I look at the Doozer and I realize each day I'm shaping his definition of "dad." What kind of father will he be (if he becomes a father someday)? What is my influence on that? I know on one level that my own dad gave me a pretty strong definition of what it means to be a father. And I can only hope I'm doing as good a job as he did.

And if they ever make a movie about the Doozer and me, maybe Depp or Downey will play my part.

Guy can dream, right?

10 November 2010

"This is Halloween, This is Halloween"

Last year, he didn't really get it.

Sure, the Doozer wore a costume. Read some books about the holiday, but ultimately, the concept of Halloween was still a bit abstract for his wee mind to grasp.

But this year, things were different. As the trappings of the season accumulated, his interest in all things Halloween grew exponentially, practically blossoming into a full-blown obsession. So much so that we became convinced the actual holiday itself would be nothing more than anti-climactic and disappointing.

It was time to introduce him to some of our own childhood traditions. So we found the book version of It's the Great Pumpkin, Charlie Brown! and started reading it regularly in the weeks leading up to the annual airing of the TV special. And he became obsessed with this story, demanding it be read to him every night and almost every day. In particular, all the parts where Lucy was dressed up like a witch. "What zat?" he would ask eagerly, pointing to Lucy's masked visage—even though he already knew the answer. "It's a —" "Witch!" he'd interrupt us, gleefully. Witches quickly became one of his favorite elements of the season, pointing them out to us wherever and whenever we saw them. He even got a special surprise when his mom dressed up as one to take him out trick-or-treating on October 31.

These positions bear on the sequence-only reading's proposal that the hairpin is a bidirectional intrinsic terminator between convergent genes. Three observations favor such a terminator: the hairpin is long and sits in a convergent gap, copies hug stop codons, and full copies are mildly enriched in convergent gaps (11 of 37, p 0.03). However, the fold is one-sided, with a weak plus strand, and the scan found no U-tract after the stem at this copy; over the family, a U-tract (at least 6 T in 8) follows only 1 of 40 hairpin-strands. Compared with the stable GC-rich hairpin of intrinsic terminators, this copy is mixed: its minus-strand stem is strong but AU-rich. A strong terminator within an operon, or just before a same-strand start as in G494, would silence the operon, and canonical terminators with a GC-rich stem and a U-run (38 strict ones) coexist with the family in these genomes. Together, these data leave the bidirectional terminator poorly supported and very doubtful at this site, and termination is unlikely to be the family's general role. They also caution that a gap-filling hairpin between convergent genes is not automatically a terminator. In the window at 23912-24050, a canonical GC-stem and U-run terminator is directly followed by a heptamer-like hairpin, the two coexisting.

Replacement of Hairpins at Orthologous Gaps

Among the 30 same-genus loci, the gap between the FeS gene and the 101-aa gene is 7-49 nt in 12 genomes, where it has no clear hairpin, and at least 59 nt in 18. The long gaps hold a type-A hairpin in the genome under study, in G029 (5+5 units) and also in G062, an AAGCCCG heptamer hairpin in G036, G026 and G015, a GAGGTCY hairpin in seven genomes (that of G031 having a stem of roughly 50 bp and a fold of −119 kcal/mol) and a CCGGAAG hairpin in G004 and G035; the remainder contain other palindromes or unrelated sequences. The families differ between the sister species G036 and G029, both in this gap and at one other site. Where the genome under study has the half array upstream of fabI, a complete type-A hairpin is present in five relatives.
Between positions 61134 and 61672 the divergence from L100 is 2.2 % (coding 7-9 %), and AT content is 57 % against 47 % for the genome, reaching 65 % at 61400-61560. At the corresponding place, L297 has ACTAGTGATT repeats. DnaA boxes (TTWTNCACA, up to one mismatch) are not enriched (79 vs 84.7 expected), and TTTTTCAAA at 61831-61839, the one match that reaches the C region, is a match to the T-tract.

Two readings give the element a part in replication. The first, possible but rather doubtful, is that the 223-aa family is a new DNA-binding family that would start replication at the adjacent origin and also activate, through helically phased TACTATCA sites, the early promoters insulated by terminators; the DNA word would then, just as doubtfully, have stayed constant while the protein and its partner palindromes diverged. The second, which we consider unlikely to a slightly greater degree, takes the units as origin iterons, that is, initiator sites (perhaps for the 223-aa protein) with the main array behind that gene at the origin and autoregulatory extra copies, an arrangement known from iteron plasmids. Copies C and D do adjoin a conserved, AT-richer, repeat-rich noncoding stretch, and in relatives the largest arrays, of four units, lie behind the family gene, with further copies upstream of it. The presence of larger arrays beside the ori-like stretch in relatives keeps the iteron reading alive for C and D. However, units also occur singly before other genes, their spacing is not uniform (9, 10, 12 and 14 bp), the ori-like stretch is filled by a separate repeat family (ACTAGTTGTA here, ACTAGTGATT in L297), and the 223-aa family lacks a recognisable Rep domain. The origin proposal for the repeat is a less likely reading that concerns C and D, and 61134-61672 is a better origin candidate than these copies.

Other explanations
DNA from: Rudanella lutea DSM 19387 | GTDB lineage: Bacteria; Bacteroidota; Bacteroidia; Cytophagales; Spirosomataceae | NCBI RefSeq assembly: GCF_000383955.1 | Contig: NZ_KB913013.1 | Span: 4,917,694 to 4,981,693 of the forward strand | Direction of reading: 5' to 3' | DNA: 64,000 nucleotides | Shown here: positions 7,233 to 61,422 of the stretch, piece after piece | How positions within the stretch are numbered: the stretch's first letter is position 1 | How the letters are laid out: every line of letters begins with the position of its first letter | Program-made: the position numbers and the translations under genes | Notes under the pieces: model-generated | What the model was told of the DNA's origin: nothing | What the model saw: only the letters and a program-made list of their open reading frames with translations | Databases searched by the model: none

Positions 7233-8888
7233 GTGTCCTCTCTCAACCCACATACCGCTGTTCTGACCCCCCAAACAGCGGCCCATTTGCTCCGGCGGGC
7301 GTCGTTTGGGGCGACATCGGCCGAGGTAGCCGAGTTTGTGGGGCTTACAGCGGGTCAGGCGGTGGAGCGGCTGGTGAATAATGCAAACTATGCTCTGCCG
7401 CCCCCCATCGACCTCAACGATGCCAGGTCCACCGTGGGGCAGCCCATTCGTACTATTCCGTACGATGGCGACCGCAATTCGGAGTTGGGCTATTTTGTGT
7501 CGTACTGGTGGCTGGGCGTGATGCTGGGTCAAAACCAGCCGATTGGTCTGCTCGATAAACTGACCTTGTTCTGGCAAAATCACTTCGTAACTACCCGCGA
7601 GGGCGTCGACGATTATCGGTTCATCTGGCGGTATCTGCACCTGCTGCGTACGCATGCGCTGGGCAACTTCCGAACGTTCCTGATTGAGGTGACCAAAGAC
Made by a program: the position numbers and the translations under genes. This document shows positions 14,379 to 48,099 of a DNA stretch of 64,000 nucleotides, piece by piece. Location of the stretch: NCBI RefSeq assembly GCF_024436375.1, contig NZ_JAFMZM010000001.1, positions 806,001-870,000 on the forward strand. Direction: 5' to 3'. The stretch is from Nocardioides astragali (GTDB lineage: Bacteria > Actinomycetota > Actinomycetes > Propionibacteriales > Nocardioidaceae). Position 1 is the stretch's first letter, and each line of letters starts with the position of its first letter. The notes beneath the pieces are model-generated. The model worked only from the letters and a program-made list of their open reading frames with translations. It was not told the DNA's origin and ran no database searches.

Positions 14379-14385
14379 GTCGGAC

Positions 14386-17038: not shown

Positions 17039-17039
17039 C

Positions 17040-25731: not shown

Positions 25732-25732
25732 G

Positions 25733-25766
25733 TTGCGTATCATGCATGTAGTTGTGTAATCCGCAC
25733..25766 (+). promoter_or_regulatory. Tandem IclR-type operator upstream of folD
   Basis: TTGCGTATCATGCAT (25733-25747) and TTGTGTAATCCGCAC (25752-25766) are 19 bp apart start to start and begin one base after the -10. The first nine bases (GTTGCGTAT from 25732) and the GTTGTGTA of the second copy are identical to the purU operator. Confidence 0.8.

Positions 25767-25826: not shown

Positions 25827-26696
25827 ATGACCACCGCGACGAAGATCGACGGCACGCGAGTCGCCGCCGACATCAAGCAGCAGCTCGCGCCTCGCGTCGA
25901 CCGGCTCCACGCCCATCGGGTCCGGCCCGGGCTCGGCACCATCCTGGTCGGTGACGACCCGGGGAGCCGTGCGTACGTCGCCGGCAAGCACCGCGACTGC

Witches, pumpkins, and ghosts, oh my! He loved them all and pointed them out everywhere we went. We even installed a ghost on our front lawn for his enjoyment. "Night, night, Ghost," the Doozer said one evening as we headed inside for dinner. When the ghost did not respond, the Doozer said, "He didn't hear us." No, I guess he didn't.

We even carved a pumpkin with him and attempted to explain the subtle difference between a pumpkin and a jack-o-lantern. After that, he'd frequently point it out say, "that pumpkin has a jack-o-lantern in it." Yes, I suppose it does.

We visited the pumpkin patch and frequented the scarecrows on display in the center of town (part of a local scarecrow decorating contest, with a cinema theme). The Doozer quickly became enamored of Woody the Cowboy, Spider-Man, Ralphie from A Christmas Story, Mr. Potato Head, Charlie Brown, Forrest Gump, the Mad Hatter, and "Edward Fingerhands." But mostly, he fell in love with Gulliver ("He has a book! There is a little man on his back!") and Frankenstein's Monster. Yes, Frankenstein's Monster, not Frankenstein (important distinction). We wanted to be sure that he knew the actual name of this character, that his enthusiasm was well-informed and literarily accurate.